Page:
Prosecution analyst Andrew Donaldson concluded his testimony on the “Purple 231” cellphone attributed to a defendant at the Special Tribunal for Lebanon Monday, raising questions and objections from the defense counsel. As an investigator for the prosecution, Donaldson authored several attribution reports linking cellular devices allegedly used during the planning of the 2005 bombing in Downtown Beirut that killed former Prime Minister Rafik Hariri and 21 others.
Monday, Donaldson detailed a furniture delivery to the residence of Hassan Habib Merhi in Beirut’s southern suburbs, a few months before the bombing, that contributed to his attribution of the phone to Merhi.
“The importance of the [delivery] is that ... we have documents purportedly signed by Merhi and [it] involved an order being delivered to his house,” Donaldson said, summarizing the event’s significance in his attribution report. “It would give us a sequence of events involving him [Merhi], and we see it also involve Purple 231 and Mobile 091,” he added.
Mobile 091 has been identified by investigations as a personal cellphone used mainly by Merhi’s wife. While evidence strongly suggests links to his family, the device was not a part of a group of mobile phones alleged by the prosecution to be related to the assassination plot.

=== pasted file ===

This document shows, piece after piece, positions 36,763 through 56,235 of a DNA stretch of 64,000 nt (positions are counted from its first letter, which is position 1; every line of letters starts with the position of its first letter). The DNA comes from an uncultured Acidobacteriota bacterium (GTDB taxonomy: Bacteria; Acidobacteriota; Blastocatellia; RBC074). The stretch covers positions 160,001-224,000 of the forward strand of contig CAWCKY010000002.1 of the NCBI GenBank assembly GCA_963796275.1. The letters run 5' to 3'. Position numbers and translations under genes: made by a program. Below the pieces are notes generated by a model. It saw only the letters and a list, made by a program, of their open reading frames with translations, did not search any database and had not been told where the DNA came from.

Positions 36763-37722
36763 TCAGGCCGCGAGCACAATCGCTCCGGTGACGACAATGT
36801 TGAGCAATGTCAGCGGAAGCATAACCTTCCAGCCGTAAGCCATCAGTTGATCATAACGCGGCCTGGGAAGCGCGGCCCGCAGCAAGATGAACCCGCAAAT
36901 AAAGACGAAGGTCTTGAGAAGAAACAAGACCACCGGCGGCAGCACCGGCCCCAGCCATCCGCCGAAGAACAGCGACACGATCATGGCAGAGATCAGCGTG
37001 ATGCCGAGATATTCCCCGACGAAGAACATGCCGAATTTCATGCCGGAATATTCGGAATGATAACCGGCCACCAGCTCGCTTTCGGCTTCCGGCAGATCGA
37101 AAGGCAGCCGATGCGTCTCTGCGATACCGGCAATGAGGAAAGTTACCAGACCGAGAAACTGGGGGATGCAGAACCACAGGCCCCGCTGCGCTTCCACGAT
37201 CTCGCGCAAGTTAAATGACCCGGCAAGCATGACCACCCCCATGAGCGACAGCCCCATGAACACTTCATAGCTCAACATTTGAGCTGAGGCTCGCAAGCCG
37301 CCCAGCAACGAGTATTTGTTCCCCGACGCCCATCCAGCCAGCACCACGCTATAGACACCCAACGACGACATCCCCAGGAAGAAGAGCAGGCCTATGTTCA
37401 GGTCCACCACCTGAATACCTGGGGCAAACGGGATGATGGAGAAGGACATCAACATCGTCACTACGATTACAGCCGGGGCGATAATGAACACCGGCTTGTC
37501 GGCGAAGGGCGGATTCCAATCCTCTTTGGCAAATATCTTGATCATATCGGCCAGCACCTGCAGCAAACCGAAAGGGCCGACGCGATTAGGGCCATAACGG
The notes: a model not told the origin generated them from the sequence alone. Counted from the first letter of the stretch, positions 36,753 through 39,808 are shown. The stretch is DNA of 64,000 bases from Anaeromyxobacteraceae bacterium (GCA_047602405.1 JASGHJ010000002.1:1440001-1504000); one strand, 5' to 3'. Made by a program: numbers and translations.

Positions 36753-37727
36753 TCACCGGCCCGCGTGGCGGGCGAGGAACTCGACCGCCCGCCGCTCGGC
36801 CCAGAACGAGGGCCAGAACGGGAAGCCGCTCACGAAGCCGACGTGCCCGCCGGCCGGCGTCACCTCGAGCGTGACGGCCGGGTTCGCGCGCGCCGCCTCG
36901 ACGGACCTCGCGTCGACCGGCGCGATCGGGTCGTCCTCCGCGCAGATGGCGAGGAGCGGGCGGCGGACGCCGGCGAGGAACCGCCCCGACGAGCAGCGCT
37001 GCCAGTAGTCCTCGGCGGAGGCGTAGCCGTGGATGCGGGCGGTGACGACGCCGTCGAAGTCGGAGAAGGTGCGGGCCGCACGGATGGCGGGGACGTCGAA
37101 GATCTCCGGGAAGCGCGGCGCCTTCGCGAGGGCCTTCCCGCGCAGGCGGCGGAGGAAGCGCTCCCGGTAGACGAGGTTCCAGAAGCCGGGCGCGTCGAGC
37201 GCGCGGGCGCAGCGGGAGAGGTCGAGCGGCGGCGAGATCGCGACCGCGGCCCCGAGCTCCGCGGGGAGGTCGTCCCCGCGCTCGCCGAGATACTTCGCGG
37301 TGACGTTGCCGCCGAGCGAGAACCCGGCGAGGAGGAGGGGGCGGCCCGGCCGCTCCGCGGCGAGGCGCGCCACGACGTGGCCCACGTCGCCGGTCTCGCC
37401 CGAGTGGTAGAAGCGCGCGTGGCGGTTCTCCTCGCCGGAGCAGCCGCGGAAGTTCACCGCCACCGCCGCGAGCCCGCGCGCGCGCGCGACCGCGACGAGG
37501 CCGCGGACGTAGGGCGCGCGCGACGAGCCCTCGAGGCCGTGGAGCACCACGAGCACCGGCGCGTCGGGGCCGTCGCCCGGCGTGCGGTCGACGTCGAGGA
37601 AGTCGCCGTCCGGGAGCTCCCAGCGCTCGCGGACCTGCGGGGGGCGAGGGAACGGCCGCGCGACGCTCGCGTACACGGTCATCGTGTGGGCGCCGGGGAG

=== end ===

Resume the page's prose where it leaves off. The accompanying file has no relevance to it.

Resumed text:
Using phone records and witness statements, Donaldson established that a delivery was to be made on Nov. 24, 2004, but an order error lead to a second delivery on the Nov. 26. According to Donaldson, incoming calls from the driver to Mobile 091 on Nov. 26, using the “Barajneh 2 cell sector” indicated the drop-off of furniture at the Merhi residence.
An invoice obtained by the investigation was signed by Merhi on Nov. 26.
In his concluding remarks about Purple 231, Donaldson highlighted that cellular patterns mirrored that of phones allegedly used by defendants Salim Ayyash and Mustafa Badreddine. He added that there were several instances in which Lebanese MPs, officials and Hezbollah cadres had been in contact with devices attributed to all three men.
Defense counselors raised objections to Donaldson’s claims pertaining to Hezbollah.
“Donaldson is going beyond his expertise; I have never heard a comparison between Ayyash, Badreddine and Merhi. He is almost coming across as a phone expert in phone culture in Lebanon and of Hezbollah,” defense counselor Thomas Hannis contested.
“Can we learn from whom [Donaldson] learned that [the cellphone patterns] looked like a cadre profile. What does that even mean? Why isn’t that witness here?” Hannis added, requesting the identity of the individual providing Donaldson with information.
“I’m afraid he’s dead,” Donaldson replied, adding that the witness was a representative of the Lebanese authorities who passed away after their meeting.
Due to the circumstances, trial chamber president Judge David Re requested more information about the witness from senior prosecution counsel Alexander Milne to ascertain whether Donaldson was putting forth his own opinion, or in fact gathering it from a deceased individual.